Transforming Education in Nevada Through High-Quality Digital Learning

Executive Summary

Executive Summary 

Nevada policymakers need to consider new strategies for improving education.

According to the U.S. Department of Education's National Center for Education Statistics, Nevada taxpayers spend approximately $10,400 annually for each child enrolled in public school. Yet according to the National Assessment of Educational Progress, only 24 percent of Nevada fourth graders and 22 percent of eighth graders were scoring "proficient or better" in reading as of 2009.

Given that average per-pupil spending now tops $10,000, this means that taxpayers will have invested more than $80,000 in the typical student's education by the end of eighth grade. Yet by that time less than a quarter of Nevada students have mastered reading sufficiently to be considered on grade-level. This status quo should be unacceptable to parents and taxpayers alike, and Nevada policymakers should appreciate the urgent need for solutions to improve educational opportunities for the state's students.

Across the country, elected officials, school leaders and concerned citizens from across the political spectrum are recognizing the exciting potential for using technology and digital learning to transform public education for the better. From virtual-school programs that allow students to learn at home to computer-based instruction within traditional classrooms, digital learning offers improved access to high-quality instruction and better and individually customized learning experiences for students and can boost students' academic achievement. It offers a real prospect of superior results, coupled with lower costs.

According to the International Association for K-12 Online Learning (iNACOL), during the 2009-10 school year, roughly 1.5 million students participated in online or blended-learning programs in the United States. Multiple forms of digital learning, including supplemental online programs and full-time virtual schools, were available to at least some students in 48 states and the District of Columbia.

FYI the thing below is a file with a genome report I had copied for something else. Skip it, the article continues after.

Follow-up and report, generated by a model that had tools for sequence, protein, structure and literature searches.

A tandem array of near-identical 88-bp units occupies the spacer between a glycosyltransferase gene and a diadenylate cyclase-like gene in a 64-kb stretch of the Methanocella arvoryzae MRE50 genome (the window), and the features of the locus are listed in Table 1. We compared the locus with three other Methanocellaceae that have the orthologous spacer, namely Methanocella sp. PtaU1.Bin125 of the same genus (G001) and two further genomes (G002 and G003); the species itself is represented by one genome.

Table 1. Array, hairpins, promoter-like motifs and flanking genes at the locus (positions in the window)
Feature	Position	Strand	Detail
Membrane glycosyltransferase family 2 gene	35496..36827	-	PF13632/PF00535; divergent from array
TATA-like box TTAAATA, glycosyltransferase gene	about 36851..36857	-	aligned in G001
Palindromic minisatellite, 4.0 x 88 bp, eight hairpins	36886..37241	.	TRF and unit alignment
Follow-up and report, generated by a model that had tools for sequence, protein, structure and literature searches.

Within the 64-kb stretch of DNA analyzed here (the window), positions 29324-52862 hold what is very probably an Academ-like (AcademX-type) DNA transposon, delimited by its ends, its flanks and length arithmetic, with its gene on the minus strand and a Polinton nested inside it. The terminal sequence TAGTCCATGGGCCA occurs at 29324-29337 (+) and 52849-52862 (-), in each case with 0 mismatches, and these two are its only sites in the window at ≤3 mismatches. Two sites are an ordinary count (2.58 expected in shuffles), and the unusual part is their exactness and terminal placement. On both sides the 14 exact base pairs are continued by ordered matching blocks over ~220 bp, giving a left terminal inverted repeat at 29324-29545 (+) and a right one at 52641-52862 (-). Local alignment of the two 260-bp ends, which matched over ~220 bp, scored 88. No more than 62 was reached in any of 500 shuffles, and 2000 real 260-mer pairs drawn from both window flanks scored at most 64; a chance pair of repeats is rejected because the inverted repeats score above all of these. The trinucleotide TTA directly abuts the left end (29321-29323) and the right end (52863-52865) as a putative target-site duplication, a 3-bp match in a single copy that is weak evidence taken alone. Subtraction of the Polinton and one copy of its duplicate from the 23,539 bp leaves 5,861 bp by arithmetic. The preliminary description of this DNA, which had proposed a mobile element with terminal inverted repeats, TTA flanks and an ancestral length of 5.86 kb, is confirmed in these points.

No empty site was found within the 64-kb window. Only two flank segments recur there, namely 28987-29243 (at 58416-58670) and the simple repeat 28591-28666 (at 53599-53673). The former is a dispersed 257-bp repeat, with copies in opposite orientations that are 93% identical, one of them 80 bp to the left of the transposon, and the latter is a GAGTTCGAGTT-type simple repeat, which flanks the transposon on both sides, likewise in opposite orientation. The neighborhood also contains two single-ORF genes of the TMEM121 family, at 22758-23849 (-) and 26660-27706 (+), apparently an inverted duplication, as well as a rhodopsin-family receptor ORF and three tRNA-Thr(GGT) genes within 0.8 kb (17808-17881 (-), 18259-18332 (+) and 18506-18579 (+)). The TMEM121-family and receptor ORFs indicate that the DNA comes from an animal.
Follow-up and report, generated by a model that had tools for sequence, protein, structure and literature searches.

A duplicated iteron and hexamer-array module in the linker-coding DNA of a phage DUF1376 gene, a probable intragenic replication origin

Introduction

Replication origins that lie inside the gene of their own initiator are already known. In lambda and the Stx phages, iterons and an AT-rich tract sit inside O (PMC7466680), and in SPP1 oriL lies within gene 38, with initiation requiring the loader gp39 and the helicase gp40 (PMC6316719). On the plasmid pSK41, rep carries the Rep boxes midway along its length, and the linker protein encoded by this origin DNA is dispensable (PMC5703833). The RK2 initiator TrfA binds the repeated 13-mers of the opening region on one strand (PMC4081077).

Nevada, however, was one of only 11 states that did not have a statewide virtual school. And in terms of the K-12 digital-learning options offered students, Nevada is only in the middle of the pack — ranked 20th in the nation in 2009 by the Center for Digital Education in favorable policies to support digital and online learning programs.

This paper examines the landscape of online or digital learning in the United States, reviews the available research about the effectiveness of digital-learning programs, and presents recommendations as to how Nevada policymakers can expand access to high-quality digital-learning programs for all Silver State students.

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Steven Miller

Senior Vice President, Nevada Journal Managing Editor

Steven Miller is Nevada Journal Managing Editor, Emeritus, and has been with the Institute since 1997.

Steven graduated cum laude with a B.A. in Philosophy from Claremont Men’s College (now Claremont McKenna). Before joining NPRI, Steven worked as a news reporter in California and Nevada, and a political cartoonist in Nevada, Hawaii and North Carolina. For 10 years he ran a successful commercial illustration studio in New York City, then for five years worked at First Boston Credit Suisse in New York as a technical analyst. After returning to Nevada in 1991, Steven worked as an investigative reporter before joining NPRI.